Cod philosophy

CONSUMERS have become all too used to the practice of speculation, and the perilous effect it can have on the rest of the economy, but few would have thought the straightforward trade of fishing would have fallen prey to this craze. That it has done so, with such worrying consequences for the industry’s smaller boats, is symptomatic of the intensely complex maritime bureaucracy presided over by the British Government and the EU.

A new report by a House of Commons committee reveals the true scale of the Byzantine system of quotas in which England’s fishermen try to forge a livelihood. It is right that quotas act as an adjuster, by moving around to where the need is greatest, but they should not be treated as commodities, to be traded like the financial instruments of the City.

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The range of those groups trading in quotas, from inactive or retired fishermen to even a football club, underlines the absurdity of the current system, and Anne McIntosh, the MP for Thirsk, Malton and Filey, is right to raise concerns.

The Government should not hesitate to adopt the reforms recommended by the Environment, Food and Rural Affairs Committee, which will make the fishing industry simpler and more efficient. It must also look again at the practice of fish discards because, while this may seem an obscure maritime practice, its effect is considerable, distorting the market and wasting the fish remaining in the sea. Clearly the expansion of Project 50%, in which alterations were made to trawlers to help fishermen target their catch, can play a part in the solution.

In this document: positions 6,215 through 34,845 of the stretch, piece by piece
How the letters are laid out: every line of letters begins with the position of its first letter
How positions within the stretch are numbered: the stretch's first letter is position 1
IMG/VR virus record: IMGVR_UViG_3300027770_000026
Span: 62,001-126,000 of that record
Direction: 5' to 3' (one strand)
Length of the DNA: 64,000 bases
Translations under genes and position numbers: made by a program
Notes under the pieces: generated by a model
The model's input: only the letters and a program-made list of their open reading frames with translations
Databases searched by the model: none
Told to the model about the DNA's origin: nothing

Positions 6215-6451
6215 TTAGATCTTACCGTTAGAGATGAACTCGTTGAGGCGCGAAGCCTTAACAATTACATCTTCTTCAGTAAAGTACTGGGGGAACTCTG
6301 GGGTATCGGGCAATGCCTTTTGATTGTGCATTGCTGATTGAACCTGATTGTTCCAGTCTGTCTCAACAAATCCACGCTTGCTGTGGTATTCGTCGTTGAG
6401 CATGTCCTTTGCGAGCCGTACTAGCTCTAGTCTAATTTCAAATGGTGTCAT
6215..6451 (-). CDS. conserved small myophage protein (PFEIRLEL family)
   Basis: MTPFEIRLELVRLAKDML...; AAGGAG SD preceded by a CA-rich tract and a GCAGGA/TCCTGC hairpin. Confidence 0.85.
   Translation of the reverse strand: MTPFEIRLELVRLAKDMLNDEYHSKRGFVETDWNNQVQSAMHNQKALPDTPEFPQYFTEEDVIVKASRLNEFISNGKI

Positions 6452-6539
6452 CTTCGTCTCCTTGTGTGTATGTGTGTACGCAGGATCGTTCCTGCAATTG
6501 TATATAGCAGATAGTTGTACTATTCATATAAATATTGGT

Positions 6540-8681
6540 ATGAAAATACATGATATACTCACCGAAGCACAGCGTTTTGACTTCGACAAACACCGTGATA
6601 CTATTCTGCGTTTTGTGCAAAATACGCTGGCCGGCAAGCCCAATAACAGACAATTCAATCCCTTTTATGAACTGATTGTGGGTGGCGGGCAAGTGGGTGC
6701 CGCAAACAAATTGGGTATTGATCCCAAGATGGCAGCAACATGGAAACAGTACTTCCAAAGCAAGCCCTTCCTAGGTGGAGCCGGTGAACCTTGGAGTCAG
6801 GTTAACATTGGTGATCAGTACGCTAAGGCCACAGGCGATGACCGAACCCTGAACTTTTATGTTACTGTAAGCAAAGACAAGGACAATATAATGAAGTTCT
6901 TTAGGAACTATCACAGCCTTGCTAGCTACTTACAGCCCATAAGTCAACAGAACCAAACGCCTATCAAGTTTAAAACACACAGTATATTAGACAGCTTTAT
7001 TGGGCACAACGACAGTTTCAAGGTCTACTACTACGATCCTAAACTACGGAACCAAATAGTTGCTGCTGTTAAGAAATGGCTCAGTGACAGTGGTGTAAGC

Of course, the industry faces many other problems while operating under the dead hand of the EU. The union is unlikely to change, however, so our domestic Government should concentrate on making the quota system work for our fishermen, and not against them.